Amid COVID-19, the presumptive Democratic nominee has receded to the background.
Do they still put pictures on milk cartons?
Has anybody seen Joe Biden?
Biden, the presumptive Democratic presidential nominee (Senator Bernie Sanders, the socialist from Vermont from Brooklyn, remains in the race) has endured an extended absence from the front pages: In the New York Times, he’s largely been relegated way back to A21 or A23.
His most prominent recent appearance in the Times was a recent Sunday column by Frank Bruni, who wrote about . . . the diminished role of Joe Biden on the public stage:
Every day, at the White House briefing about the coronavirus, Donald Trump gets the undivided attention of the media, a national television audience bloated by crisis and as many minutes as he wants to play a “wartime president,” as he grandiosely calls himself. . . . And every day, Joe Biden watches from the far reaches of the upper balcony as he waits and waits to be declared the de facto Democratic presidential nominee and assume leadership of his party.
If you are in search of an illustrative example for the rhetorical strategy known as “damning with faint praise,” consider Bruni’s assessment of Biden: Given the “unthinkably dire” prospect of Trump’s reelection, Bruni writes, “Biden made as much sense as any other candidate.” Imagine that endorsement on a red, white, and blue banner.
Perhaps Biden sees himself roughly the same way: He is not Donald Trump, and, in the assessment of most Democratic partisans — and that of a small but non-negligible group of Americans who are not Democratic partisans but believe that Trump is unsuited to the presidency — that should be enough. Biden can be Not Trump from the comfort of his easy chair — why should the gentleman from Delaware exert himself unnecessarily?
Whatabout-ism is a critique that cuts both ways. Joe Biden is a vain, shallow, dishonest, foolish, self-serving, cynical, exploitative, dim old coot. Those who prefer Biden may insist that Trump is an even more vain, shallow, dishonest, foolish, self-serving, cynical, exploitative, dim, slightly younger coot — de gustibus, etc. — but at some point Biden is going to have to put forward a position on the epidemic that as of this writing is expected to kill hundreds of thousands of Americans and could very well kill millions. To characterize Biden’s response to the most serious and immediately pressing issue of our time as a series of featherweight banalities would be an insult to the oeuvre of Rupert Holmes.
Biden has called for — imagine this! — “a decisive public-health response.”
Biden proposes to respond decisively with a combination of platitudes (“restoring trust, credibility, and common purpose”), wishful thinking (magicking a vaccine into existence), and memos (“The Biden Plan calls for issuing guidance to states and localities to ensure first responders and public health officials are prioritized to receive protective personal equipment and launching an education campaign to inform the general public about equipment that should be reserved for professionals”).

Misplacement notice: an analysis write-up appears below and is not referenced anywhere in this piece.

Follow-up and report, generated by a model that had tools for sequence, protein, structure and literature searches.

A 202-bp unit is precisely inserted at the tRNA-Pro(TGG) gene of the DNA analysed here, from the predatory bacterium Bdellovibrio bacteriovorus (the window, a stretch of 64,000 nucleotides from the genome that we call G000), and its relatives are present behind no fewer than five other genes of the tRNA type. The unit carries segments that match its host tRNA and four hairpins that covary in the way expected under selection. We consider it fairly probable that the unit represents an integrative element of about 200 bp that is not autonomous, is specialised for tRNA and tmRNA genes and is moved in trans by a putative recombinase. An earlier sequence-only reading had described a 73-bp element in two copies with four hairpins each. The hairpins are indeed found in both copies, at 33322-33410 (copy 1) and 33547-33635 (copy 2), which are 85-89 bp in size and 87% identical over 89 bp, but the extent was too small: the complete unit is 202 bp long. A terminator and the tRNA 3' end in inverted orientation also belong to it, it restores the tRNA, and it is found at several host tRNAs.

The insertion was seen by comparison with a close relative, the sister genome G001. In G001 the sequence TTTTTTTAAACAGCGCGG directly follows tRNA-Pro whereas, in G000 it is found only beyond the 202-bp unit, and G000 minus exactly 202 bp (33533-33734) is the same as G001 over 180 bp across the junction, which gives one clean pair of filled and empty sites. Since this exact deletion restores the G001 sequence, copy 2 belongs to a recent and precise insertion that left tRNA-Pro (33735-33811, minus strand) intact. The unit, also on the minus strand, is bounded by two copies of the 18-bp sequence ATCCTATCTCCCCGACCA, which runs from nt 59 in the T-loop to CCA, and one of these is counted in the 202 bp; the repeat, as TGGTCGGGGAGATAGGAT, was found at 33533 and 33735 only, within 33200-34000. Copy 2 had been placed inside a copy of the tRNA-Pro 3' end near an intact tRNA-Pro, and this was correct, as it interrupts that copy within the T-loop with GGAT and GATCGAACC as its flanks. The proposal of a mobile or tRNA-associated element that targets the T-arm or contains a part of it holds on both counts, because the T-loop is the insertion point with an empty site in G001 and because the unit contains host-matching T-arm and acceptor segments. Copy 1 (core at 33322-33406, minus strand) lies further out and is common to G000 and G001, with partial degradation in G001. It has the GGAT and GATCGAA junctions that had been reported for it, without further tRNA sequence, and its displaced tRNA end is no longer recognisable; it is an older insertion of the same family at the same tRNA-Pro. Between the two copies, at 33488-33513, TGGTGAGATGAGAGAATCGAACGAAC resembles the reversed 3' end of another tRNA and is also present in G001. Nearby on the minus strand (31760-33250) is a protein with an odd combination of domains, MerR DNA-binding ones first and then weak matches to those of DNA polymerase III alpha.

How serious is Joe Biden about this kind of thing? Consider his earlier campaign promises: “I promise you, if I’m elected president, you’re going to see the single most important thing that changes America: We’re gonna cure cancer.” Primitive peoples believed that the touch of a king could cure them of leprosy and other illnesses. Perhaps it is the case that Biden, who plagiarized his way through law school at Syracuse, dabbles brilliantly in oncology.
Much of the debate about our presidential elections comes down to: “At least my guy isn’t your guy.” (The most insipid sentence in common political circulation is: “Elections are binary.”) One of the many shortcomings of that line of argument is that it sometimes is the case that neither of the two leading candidates is especially fitted to the times and their needs. There are politicos on the Democratic side and the Republican side who might make more plausible leaders during a crisis of this nature: Rick Scott and Michael Bloomberg are two of them. The tribal-mascot mode of presidential politics is, for a certain kind of person, very amusing and exhilarating, and it is good enough, I suppose, for times of relative peace, prosperity, and security. It is not good enough for times of genuine danger when millions of lives and untold trillions in wealth depend upon the competent management of complex problems that cannot be simplified via fiat.
Trump or Biden? The virus doesn’t care.
The question of who wins the 2020 election is far from irrelevant, but we are lying to ourselves if we believe that some kind of national savior is going to emerge from the Electoral College. This epidemic is shaking the foundations — it should shake our assumptions, too.
And maybe it is. There’s a reason that nobody seems much interested in what Joe Biden has to say at the moment. I hear he’s starting a podcast.